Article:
Counting the four games played Monday night, the Atlantic 10 conference has compiled a 40-11 (0.784) record against their opponents through the first two weeks of the season. Every conference schedules its share of cupcakes and the A-10 is no exception, as nearly 38 percent of the slate — with a 15-0 record in those games — comes from conferences ranked in the lower third of Division I and Division II basketball. Versus the seven elite conferences and the A-10’s four fellow basketball-first conferences, league teams have played 25 percent of their schedule and compiled a 10-6 (0.625) record. Results are particularly impressive versus the SEC (2-0), ACC (3-3) and the Big 12 (1-0) Conferences. Distracted by the plethora of upsets, the World Wide Leader gave George Washington’s 73-68 win over then #6 Virginia a little less than a full news cycle before moving on to other upsets.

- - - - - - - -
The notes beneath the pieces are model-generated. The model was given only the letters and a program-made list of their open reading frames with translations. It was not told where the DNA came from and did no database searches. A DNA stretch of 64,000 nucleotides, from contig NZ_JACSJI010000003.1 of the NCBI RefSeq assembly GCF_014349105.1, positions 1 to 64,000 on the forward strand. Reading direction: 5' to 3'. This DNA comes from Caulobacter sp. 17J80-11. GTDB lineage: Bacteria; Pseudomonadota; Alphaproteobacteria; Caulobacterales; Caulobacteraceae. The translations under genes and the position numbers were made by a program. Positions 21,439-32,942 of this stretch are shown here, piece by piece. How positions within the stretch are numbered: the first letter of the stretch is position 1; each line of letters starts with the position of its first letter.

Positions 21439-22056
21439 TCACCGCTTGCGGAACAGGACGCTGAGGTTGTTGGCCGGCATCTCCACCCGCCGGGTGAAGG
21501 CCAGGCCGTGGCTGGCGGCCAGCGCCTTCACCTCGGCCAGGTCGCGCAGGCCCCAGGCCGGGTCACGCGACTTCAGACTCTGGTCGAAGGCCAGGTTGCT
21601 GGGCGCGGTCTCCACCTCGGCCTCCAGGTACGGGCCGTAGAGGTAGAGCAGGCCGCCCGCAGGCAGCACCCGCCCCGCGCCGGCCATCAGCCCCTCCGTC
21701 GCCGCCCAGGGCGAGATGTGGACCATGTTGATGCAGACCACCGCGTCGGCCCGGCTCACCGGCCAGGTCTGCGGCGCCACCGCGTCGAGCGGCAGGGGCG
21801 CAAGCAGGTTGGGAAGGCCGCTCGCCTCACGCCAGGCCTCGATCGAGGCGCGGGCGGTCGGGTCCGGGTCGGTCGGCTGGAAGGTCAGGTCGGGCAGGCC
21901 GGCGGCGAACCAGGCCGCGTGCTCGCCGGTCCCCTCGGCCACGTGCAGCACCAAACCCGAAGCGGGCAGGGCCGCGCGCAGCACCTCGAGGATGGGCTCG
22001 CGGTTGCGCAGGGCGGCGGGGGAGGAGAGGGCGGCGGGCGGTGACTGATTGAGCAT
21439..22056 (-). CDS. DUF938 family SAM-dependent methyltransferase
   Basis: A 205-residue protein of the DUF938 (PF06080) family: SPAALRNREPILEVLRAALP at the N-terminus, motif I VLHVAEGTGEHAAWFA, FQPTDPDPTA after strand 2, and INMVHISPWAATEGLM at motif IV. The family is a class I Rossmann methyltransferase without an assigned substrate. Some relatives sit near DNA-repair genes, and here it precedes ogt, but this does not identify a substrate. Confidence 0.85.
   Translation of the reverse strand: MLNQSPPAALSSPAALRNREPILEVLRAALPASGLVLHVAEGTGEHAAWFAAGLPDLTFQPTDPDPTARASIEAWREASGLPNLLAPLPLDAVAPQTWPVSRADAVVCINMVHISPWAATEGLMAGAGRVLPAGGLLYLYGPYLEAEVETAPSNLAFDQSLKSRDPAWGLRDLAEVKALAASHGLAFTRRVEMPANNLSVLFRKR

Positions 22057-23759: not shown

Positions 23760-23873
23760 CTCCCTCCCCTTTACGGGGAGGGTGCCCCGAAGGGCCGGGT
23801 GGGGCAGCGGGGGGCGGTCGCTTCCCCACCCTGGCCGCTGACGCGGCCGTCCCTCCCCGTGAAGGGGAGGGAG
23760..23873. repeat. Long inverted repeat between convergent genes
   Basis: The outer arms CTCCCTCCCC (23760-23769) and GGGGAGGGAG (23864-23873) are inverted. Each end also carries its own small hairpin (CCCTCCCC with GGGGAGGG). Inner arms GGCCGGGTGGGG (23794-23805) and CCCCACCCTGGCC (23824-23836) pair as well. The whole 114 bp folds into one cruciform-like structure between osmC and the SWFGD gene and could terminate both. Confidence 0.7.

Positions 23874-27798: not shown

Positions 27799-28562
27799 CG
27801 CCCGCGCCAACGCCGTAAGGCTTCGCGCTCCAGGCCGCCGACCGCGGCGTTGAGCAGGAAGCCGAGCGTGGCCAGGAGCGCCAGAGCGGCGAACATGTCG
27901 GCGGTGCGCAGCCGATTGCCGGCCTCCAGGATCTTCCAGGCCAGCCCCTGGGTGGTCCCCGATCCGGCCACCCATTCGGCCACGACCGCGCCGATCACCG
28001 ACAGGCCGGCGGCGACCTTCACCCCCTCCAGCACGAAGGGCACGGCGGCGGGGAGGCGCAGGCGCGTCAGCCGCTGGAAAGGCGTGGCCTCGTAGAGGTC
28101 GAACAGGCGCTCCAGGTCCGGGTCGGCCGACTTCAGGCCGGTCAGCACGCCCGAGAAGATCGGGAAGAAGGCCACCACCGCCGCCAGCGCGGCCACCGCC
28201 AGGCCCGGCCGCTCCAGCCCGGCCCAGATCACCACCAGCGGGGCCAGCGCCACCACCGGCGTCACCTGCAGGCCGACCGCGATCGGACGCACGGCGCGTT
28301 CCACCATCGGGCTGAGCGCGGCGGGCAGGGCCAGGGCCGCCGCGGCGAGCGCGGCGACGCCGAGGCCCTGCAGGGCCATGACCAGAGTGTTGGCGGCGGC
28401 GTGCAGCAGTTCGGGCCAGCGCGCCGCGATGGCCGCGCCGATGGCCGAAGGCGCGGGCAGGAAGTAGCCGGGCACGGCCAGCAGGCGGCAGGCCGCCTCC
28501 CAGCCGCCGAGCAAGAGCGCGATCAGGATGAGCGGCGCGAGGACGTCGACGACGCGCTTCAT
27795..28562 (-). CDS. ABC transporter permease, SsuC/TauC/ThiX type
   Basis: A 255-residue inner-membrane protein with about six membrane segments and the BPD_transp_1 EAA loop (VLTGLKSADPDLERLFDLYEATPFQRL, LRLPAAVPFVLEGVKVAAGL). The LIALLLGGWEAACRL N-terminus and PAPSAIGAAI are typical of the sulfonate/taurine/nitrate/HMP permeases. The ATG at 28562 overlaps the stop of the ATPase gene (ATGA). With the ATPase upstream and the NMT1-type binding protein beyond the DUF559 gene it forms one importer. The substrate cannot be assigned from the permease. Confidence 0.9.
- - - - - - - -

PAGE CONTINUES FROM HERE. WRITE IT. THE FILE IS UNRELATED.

The Atlantic 10 has started the season off well so far. This week gets a lot tougher for Dan Hurley and Rhode Island - as well as the rest of the A10. (AP Photo/John Minchillo)

The Atlantic 10 has started the season off well so far. This week gets a lot tougher for Dan Hurley and Rhode Island – as well as the rest of the A-10. (AP Photo/John Minchillo)

Lacking an early season tournament win — Virginia Commonwealth, the conference flagship since Shaka Smart brought the Rams into the league in 2012-13, took two close losses, the first to Duke by eight points and the second to Wisconsin by one point. Saint Joseph’s split its Hall of Fame slate last weekend, dropping a semifinal game to Florida on Saturday before bouncing back versus Old Dominion in the consolation game Sunday. Dave Paulsen took his George Mason squad to the finals of the Charleston Classic, beating Mississippi and Oklahoma State before losing in the finals, 83-66, to #12 Virginia. Read the rest of this entry »